Risky collaborations ‘must come with an exit strategy’

Universities should have awkward conversations early and ‘be ready to write off costs’ when tie-ups are soured by conflict

April 29, 2022
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Universities partnering with illiberal or authoritarian regimes must be ready to have awkward conversations about red lines, and plot escape routes should the worst happen, experts have said.

The scramble to cut ties to Russian institutions has shown the importance of planning for the worst, according to panellists at the European University Association’s conference.

“For institutional cooperation with universities following different value systems we must have an exit strategy ready in the moment when we start it,” said Peter-André Alt, president of the German Rectors’ Conference.

“These are risky investments that might carry enormous scientific and teaching and learning results for a certain period, but we must be ready to write off such investments when the political tides change.”

Deteriorating political relations with China have sharpened many rectors’ awareness of international risks, but the sudden severing of Russian relationships after the invasion of Ukraine seems to have strengthened the case for shrewd preparation.

“My strong advice would be not to wait and see until conflict arises, but start right from the onset when you do design a collaboration with mapping that field of risks and positioning yourselves and your partners as clearly as you can,” said Sijbolt Noorda, president emeritus of the University of Amsterdam and former president of the Academic Cooperation Association.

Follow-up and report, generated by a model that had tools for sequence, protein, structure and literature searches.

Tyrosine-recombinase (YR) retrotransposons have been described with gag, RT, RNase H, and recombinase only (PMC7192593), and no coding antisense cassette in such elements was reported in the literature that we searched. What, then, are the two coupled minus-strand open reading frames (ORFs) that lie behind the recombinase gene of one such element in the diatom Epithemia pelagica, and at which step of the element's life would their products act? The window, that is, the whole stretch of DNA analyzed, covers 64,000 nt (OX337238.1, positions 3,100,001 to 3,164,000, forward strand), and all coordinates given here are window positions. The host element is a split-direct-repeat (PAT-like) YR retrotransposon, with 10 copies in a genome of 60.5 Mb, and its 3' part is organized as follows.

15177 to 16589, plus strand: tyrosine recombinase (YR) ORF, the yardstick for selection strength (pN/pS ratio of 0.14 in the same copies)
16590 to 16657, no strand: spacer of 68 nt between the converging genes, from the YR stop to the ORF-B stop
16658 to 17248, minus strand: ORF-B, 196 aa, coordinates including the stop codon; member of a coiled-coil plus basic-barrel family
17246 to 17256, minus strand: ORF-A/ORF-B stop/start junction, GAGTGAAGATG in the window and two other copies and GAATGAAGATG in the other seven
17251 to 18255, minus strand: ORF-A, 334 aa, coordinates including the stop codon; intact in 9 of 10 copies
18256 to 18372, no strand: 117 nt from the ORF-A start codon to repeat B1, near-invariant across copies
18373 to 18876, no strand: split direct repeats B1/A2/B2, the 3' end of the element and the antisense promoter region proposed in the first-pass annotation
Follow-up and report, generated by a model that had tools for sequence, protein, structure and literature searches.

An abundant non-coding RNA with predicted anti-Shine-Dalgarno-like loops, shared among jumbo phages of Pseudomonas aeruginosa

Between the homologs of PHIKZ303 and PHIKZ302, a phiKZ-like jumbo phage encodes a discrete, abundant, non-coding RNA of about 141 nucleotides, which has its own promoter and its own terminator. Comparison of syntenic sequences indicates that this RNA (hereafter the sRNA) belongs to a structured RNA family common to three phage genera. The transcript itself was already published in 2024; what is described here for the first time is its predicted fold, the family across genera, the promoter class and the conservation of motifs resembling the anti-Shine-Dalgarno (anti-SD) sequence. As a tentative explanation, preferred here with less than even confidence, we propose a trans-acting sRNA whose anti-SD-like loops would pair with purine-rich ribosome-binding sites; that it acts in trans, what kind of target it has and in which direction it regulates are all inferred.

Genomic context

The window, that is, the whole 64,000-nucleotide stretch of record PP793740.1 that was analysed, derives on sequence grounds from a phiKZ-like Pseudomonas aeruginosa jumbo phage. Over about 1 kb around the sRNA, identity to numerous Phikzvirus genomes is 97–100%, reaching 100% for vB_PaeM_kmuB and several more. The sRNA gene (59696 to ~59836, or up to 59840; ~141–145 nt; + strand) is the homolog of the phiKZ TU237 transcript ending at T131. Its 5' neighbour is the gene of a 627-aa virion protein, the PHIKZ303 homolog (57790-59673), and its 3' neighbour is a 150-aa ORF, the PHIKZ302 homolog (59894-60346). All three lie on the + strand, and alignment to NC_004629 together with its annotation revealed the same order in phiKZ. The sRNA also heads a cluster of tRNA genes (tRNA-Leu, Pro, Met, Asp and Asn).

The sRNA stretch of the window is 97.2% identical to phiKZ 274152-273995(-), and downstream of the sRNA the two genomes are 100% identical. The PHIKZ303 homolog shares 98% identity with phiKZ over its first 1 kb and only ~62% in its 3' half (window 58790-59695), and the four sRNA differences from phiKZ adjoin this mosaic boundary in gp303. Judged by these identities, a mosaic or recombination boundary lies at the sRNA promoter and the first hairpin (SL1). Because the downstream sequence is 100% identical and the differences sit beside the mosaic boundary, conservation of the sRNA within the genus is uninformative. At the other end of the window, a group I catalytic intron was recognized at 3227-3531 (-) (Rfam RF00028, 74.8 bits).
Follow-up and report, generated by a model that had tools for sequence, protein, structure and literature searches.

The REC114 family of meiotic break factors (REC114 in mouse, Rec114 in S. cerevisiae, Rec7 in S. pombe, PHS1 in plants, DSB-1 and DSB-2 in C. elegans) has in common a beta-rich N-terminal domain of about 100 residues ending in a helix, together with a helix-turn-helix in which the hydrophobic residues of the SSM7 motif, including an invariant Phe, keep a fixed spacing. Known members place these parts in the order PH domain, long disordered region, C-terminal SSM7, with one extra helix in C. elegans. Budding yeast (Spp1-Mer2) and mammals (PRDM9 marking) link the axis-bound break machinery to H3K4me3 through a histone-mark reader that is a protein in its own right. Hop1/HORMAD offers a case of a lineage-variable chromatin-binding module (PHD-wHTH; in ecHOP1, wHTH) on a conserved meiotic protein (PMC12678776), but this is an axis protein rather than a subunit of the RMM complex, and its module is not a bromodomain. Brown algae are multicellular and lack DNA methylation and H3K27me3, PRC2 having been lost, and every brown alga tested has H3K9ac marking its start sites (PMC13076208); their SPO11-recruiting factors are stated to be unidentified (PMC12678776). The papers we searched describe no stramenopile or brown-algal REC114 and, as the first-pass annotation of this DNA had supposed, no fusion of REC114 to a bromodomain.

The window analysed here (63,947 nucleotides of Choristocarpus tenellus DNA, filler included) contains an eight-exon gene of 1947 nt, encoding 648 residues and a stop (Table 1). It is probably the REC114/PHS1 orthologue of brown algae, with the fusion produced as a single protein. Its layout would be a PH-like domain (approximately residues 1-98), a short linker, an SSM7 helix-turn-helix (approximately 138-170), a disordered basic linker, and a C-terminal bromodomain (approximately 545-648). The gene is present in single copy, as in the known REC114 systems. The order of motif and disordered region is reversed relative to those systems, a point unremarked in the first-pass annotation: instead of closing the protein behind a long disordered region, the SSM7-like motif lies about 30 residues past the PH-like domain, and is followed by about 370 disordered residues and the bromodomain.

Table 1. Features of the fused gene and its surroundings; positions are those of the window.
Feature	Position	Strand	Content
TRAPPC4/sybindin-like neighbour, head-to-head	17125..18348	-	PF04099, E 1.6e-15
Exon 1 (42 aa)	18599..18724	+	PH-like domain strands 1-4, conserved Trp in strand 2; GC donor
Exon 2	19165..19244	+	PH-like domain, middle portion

“When you are well prepared, you’ve had an open discussion with most of the issues at the onset of the collaboration, it is easier, though not always very easy, to deal with the consequences once a conflict arises.”

Dr Noorda said university presidents should keep abreast of the riskiest relations to prepare for problems rather than to veto them, giving the example of a discrete postgraduate exchange programme between Iranian and Dutch universities when he helped lead the University of Amsterdam.

Professor Alt said the “most important problem[s]” from collaborations came from non-academic issues, like information management and technologies with malign potential. University boards should inform open-hearted academics of such risks, although balancing this with the freedom to collaborate was “always a very problematic issue”.

“Academic principles cannot completely regulate or stipulate the culture of collaboration and cannot exclude [the] many kinds of risks they should be aware of and should be informed about,” he said.

Dr Noorda, who also serves on the international board of ITMO University in St Petersburg, said its 12 members found themselves in “intense email contact” the day after the invasion of Ukraine, with some resigning immediately.

He said that while universities and governments’ decision to cut economic ties was right, others must remain. “In times of conflict, culture should be among the last bridges to be blown up,” he said.

National boycotts narrow perspectives, he said, like the black students from South Africa who had to attend what was then Patrice Lumumba University in Moscow due to the Western academic boycott against apartheid. “They had one perspective on the world, that was the Lumumba University perspective,” he said.

Closing the conference, EUA president Michael Murphy referenced the association’s decision to suspend its Russian members.

“I wish that this session had taken place several months ago before we had to grapple with the Russian question,” he said. “I do hope that the conclusions that we reached passed the tests that Sijbolt shared.”

ben.upton@timeshighereducation.com

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